Staying alive: The body in balance – Fats and figures (1998)

Nancy Rothwell

Nancy Rothwell explains why we need to strike a fine balance between the amount of energy we take in and the amount we expend.

Watch time: 58:18
Nancy Rothwell speaking in the Ri theatre
Image credit: Royal Institution

Lecture 2 – Fats and figures

From fruit and vegetables, to proteins, fats and carbohydrates, food is our main source of energy. This energy keeps us alive by fuelling the central processes in our bodies. In her second lecture, Nancy Rothwell explores how much energy is in the different foods we eat, and what happens to our body weight when we eat it.

Different people need to eat different amounts of food, and each of us burns energy at different rates. The human body expends energy even when we’re sitting still, keeping warm.  So how do we know how much energy we require? Our energy levels are monitored by the hypothalamus, the region of the brain that detects when our blood sugar levels are low and tell us we’re hungry.  Nancy explains why we need to strike a fine balance between the amount of energy we take in and the amount we expend.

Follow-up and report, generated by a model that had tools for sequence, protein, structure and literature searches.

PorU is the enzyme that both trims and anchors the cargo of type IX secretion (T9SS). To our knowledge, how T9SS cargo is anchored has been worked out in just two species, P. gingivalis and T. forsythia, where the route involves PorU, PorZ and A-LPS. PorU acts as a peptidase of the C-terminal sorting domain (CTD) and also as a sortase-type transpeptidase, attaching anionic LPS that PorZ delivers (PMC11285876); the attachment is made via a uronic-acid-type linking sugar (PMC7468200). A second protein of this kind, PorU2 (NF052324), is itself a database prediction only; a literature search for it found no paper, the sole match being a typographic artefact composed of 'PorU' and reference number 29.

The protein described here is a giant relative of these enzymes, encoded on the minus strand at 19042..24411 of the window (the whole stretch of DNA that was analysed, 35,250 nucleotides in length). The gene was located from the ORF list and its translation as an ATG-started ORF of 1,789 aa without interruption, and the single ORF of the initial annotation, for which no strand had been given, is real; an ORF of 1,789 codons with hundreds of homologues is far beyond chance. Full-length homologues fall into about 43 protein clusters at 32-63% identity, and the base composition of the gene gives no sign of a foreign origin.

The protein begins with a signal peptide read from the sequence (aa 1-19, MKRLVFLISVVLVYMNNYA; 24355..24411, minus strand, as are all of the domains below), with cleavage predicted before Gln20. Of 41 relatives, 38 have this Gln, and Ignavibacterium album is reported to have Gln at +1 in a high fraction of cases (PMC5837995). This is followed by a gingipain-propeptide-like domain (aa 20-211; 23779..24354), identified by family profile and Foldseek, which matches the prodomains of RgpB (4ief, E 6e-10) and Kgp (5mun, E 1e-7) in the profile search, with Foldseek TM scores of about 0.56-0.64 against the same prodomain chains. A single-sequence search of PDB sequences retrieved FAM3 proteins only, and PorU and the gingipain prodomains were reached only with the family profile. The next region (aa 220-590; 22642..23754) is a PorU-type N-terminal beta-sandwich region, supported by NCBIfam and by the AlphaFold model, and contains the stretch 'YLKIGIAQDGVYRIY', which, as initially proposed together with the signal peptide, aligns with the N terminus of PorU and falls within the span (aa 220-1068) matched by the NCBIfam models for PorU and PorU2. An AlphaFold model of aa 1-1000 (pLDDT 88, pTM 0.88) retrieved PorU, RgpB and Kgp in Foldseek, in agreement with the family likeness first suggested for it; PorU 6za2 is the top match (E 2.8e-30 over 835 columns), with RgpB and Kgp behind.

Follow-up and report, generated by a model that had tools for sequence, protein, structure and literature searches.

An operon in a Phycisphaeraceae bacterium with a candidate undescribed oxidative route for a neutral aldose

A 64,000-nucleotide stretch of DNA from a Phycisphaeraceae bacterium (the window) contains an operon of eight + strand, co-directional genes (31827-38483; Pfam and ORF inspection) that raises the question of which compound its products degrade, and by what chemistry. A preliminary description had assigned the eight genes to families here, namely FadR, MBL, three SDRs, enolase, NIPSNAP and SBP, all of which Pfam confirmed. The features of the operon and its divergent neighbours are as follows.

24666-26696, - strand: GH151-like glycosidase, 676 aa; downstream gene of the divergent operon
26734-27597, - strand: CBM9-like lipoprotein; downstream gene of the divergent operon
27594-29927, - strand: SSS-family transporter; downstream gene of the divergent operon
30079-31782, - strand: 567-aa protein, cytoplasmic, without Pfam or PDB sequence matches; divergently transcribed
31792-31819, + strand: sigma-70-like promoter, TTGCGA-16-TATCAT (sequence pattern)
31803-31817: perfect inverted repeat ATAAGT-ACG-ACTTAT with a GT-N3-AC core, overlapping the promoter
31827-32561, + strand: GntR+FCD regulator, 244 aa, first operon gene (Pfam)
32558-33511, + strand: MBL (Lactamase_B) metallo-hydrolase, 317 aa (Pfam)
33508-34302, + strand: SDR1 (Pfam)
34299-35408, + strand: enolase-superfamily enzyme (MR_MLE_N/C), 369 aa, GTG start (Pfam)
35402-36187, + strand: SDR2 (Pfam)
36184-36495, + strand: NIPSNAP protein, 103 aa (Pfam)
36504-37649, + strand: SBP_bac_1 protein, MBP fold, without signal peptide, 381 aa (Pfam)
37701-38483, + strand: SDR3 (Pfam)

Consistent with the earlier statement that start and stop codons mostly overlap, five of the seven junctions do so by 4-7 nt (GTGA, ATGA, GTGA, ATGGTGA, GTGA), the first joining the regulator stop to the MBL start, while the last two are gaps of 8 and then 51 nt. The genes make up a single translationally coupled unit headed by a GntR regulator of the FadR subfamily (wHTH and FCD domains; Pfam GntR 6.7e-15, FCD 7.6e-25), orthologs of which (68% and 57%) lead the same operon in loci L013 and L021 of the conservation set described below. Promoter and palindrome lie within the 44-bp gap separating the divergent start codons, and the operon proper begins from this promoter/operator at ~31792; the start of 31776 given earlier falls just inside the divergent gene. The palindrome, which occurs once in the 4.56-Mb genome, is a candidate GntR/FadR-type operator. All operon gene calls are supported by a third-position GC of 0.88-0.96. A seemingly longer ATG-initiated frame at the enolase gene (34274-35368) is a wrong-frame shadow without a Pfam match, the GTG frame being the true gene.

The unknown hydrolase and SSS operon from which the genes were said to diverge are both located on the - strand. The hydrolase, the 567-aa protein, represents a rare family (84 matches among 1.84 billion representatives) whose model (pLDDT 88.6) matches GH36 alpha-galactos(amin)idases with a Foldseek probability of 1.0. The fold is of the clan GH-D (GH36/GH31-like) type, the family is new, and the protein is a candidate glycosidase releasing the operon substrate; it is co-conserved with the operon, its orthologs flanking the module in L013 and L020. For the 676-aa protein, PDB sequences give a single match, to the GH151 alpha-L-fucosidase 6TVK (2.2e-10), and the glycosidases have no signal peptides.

In the final part of her lecture she explains why the eating habits of animals are very different to those of humans: snakes won’t eat for months at a time but when they do, it will be a big meal; a polar bear cub will keep him warm in cold conditions by drinking from its mother milk containing 50% fat.

Find out how the pattern of eating is linked to the pattern of life. Surprisingly, very large animals eat proportionately less than very little animals. A tiny shrew for example needs to eat more than its own body weight in food every day just to stay alive. 


From burning off that extra piece of pudding to keeping it cool, our bodies are juggling all sorts of chemical reactions to keep us alive and healthy. Over the course of five lectures, Nancy Rothwell takes a closer look at the physiological processes that help our bodies stay in balance, and reveals what can happen when that balance tips the wrong way.

Beginning with a look at our senses, Nancy explains how our perception of the world around us is essential to our survival, and how other creatures in the animal kingdom have evolved similar sensitivities.   

We learn how all our bodily processes are fuelled by energy in the food we eat, and how they are affected by the temperature of our surrounding environment.  

With the help of some animal friends, Nancy reveals how our bodies are trained by the sun and how some creatures know exactly when it’s time to die, before finishing with a look at the astonishing adaptations animals have evolved to cope with life in the extremes.